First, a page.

Steven Spielberg Opens The Refrigerator Door On Indiana Jones And The Kingdom Of The Crystal Skull


Upon its initial release in 2008, Indiana Jones and the Kingdom of the Crystal Skull was met with near-universal derision and resentment by many fans of the storied franchise. This was due to its over-reliance on silly gags, the casting of Shia LaBeouf and a host of other cinematic infractions including (but not limited to) the infamous “nuking the fridge” sequence from early in the film.

Those who have seen the film will know that our intrepid hero finds himself trapped at a nuclear testing range just as a countdown-to-destruction test sequence is initiated. With nowhere to run or hide, the always-thinking Indy stuffs himself into a lead-lined refrigerator just as the bomb detonates, propelling the fridge through the air like a Maytag-manufactured guided missile. Unbelievably, Indy survives his close encounter with an atomic bomb thanks to the refrigerator and lives to fight the communist scourge another day. The audience, however, is left bewildered and bemoans the fact that this groan-inducing gag was included in the finished film and did not meet its tragic end on the editing room floor.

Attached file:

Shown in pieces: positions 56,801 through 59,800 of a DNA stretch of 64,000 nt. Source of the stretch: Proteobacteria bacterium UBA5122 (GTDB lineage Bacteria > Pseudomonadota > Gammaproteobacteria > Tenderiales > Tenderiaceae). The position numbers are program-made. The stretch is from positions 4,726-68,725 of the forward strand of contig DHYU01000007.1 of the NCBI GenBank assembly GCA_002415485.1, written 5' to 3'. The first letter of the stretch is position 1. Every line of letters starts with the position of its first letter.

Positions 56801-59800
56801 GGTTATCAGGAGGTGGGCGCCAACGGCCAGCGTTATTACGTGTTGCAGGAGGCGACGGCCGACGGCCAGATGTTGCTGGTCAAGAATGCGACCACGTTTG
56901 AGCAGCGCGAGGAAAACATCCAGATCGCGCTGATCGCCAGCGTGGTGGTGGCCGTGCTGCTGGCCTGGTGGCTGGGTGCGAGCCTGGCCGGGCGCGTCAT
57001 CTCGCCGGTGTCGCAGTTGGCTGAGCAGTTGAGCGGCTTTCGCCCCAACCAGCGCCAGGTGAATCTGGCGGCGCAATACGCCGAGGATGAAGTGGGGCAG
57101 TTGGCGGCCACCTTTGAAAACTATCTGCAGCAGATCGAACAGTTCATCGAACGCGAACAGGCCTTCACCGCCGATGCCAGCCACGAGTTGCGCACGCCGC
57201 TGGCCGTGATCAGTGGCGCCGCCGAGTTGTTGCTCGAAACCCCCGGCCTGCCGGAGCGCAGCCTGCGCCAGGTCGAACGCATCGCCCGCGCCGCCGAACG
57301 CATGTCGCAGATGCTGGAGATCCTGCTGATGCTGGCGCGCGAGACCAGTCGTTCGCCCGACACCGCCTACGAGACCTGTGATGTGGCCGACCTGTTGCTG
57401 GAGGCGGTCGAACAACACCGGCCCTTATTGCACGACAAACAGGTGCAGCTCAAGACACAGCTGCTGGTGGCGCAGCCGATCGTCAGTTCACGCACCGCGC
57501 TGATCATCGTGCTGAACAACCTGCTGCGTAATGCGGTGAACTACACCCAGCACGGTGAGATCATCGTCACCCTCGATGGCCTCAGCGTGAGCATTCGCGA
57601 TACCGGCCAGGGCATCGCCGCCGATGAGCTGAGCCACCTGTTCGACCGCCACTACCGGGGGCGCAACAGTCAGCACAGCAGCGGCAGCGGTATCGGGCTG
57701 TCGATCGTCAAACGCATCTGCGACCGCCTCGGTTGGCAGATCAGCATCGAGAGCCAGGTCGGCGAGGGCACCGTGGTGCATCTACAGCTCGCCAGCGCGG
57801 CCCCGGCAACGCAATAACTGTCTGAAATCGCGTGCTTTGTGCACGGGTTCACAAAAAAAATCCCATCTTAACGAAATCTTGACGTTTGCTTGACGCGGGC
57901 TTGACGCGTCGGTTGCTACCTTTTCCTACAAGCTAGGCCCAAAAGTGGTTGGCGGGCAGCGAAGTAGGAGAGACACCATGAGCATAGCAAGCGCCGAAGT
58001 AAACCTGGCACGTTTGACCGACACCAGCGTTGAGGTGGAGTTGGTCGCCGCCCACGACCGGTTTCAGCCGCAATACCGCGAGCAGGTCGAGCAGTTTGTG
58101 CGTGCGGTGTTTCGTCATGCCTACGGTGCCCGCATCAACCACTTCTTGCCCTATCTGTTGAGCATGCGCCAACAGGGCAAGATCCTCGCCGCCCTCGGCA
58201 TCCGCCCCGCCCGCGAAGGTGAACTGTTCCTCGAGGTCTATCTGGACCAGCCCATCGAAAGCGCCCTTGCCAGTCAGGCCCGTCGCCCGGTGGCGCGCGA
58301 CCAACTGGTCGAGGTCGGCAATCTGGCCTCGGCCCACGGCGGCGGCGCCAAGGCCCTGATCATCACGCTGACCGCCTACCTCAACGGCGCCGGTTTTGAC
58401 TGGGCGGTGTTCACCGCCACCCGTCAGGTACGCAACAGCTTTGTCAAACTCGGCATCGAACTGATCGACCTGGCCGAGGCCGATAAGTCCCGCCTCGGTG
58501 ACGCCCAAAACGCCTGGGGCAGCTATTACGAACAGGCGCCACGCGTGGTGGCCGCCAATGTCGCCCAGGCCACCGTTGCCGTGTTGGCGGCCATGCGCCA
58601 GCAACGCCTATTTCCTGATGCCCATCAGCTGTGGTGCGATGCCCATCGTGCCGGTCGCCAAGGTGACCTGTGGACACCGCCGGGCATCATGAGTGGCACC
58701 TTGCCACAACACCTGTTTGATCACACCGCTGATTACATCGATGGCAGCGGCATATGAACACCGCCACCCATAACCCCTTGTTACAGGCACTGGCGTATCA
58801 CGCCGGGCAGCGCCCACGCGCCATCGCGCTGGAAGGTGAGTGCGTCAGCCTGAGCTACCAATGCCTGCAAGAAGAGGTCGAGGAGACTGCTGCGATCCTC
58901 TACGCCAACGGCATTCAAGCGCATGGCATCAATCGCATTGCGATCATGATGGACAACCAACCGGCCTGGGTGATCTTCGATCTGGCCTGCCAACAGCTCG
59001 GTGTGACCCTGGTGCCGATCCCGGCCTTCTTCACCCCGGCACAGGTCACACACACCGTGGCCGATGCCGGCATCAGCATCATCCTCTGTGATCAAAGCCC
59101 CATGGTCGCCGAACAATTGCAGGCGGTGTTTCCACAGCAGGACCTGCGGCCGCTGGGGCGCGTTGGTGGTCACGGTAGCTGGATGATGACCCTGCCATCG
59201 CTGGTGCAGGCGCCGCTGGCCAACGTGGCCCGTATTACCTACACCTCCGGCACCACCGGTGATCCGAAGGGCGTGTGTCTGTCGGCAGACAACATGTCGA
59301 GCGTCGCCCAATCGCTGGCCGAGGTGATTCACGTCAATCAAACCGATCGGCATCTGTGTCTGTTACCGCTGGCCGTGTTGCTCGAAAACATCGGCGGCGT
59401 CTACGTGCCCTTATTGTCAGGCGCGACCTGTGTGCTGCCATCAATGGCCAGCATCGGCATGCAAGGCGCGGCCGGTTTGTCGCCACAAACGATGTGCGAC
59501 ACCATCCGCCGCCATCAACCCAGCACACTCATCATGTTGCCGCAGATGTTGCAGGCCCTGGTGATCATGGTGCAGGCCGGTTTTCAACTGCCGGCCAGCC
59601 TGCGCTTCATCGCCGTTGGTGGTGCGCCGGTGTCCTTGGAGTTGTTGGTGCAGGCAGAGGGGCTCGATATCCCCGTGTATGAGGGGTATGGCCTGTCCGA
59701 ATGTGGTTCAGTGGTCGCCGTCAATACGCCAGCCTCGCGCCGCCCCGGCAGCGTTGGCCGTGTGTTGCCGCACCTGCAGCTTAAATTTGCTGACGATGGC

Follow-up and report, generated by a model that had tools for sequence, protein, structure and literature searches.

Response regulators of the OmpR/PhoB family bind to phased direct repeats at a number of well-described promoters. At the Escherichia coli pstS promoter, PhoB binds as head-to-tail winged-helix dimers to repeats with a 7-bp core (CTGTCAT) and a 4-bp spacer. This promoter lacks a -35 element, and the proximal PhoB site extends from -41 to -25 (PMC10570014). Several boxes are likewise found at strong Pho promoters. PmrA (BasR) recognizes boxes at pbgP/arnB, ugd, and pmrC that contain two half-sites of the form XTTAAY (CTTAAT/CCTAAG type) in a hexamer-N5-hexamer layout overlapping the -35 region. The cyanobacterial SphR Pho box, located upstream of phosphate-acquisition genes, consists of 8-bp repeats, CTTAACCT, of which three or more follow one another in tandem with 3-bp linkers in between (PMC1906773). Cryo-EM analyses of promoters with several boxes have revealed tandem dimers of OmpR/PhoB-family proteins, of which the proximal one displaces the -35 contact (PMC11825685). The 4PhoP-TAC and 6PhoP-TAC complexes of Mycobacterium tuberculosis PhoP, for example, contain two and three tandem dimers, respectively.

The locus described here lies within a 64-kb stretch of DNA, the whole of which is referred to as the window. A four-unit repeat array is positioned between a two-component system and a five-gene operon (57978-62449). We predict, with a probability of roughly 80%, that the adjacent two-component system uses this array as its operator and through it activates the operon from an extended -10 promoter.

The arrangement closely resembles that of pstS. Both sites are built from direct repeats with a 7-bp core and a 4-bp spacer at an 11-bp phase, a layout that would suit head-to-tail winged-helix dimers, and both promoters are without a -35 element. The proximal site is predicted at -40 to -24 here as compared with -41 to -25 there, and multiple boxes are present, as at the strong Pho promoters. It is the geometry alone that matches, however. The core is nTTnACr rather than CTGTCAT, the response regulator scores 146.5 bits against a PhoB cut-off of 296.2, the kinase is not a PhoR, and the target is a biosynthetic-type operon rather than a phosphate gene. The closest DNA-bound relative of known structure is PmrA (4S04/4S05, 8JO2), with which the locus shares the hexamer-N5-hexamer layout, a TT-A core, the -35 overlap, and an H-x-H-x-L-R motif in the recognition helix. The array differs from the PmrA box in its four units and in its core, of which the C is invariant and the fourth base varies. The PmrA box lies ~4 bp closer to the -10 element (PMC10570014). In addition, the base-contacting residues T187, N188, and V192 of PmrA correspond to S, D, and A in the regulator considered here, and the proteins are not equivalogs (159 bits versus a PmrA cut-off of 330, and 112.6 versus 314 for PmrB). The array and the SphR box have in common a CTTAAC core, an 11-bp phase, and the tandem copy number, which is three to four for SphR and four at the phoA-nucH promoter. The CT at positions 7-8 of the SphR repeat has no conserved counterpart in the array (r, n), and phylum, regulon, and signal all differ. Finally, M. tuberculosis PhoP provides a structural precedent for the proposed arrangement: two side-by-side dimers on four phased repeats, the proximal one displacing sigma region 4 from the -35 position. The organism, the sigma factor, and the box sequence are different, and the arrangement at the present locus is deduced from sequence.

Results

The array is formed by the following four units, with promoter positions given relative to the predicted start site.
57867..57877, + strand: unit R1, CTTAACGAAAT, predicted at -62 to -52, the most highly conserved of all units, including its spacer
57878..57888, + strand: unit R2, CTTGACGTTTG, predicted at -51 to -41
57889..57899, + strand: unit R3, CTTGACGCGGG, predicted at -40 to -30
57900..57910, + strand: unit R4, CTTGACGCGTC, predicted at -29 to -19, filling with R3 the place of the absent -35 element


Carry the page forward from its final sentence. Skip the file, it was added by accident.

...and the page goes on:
Last night, the historic Cinerama Dome in Los Angeles was host to a very special screening of the original Indy adventure, Raiders of the Lost Ark. Among the important guests in attendance was none other than the man responsible for shepherding Indiana Jones through four breathtaking adventures since his 1981 inception, director Steven Spielberg himself, who took the opportunity to accept full-responsibility for the ill-fated fridge-gag, stating:

“I know in Indy 4, you didn’t buy the refrigerator and the atomic bomb… I know! I know! But we tried! We tried! I was pushing the envelope! By the way, I take FULL responsibility for that — that was COMPLETELY my idea! Even Harrison said to me: ‘Nobody is going to buy this!'”

It’s nice to see a refreshingly candid comment from a director who owes explanations to nobody really when it comes to on-set decisions. His candor when discussing the lamented fourth-entry in the Indy film saga is certainly commendable. And if there is to be a fifth chapter for the globe-trotting archaeologist, here’s hoping that the lessons learned from fan-reaction to Indiana Jones and the Kingdom of the Crystal Skull are taken to heart like a golden idol to Indy’s chest.

What do you think about Mr. Spielberg’s comments? Do they bode well for future instalments in the Indiana Jones pantheon? Let us know in the comments section below!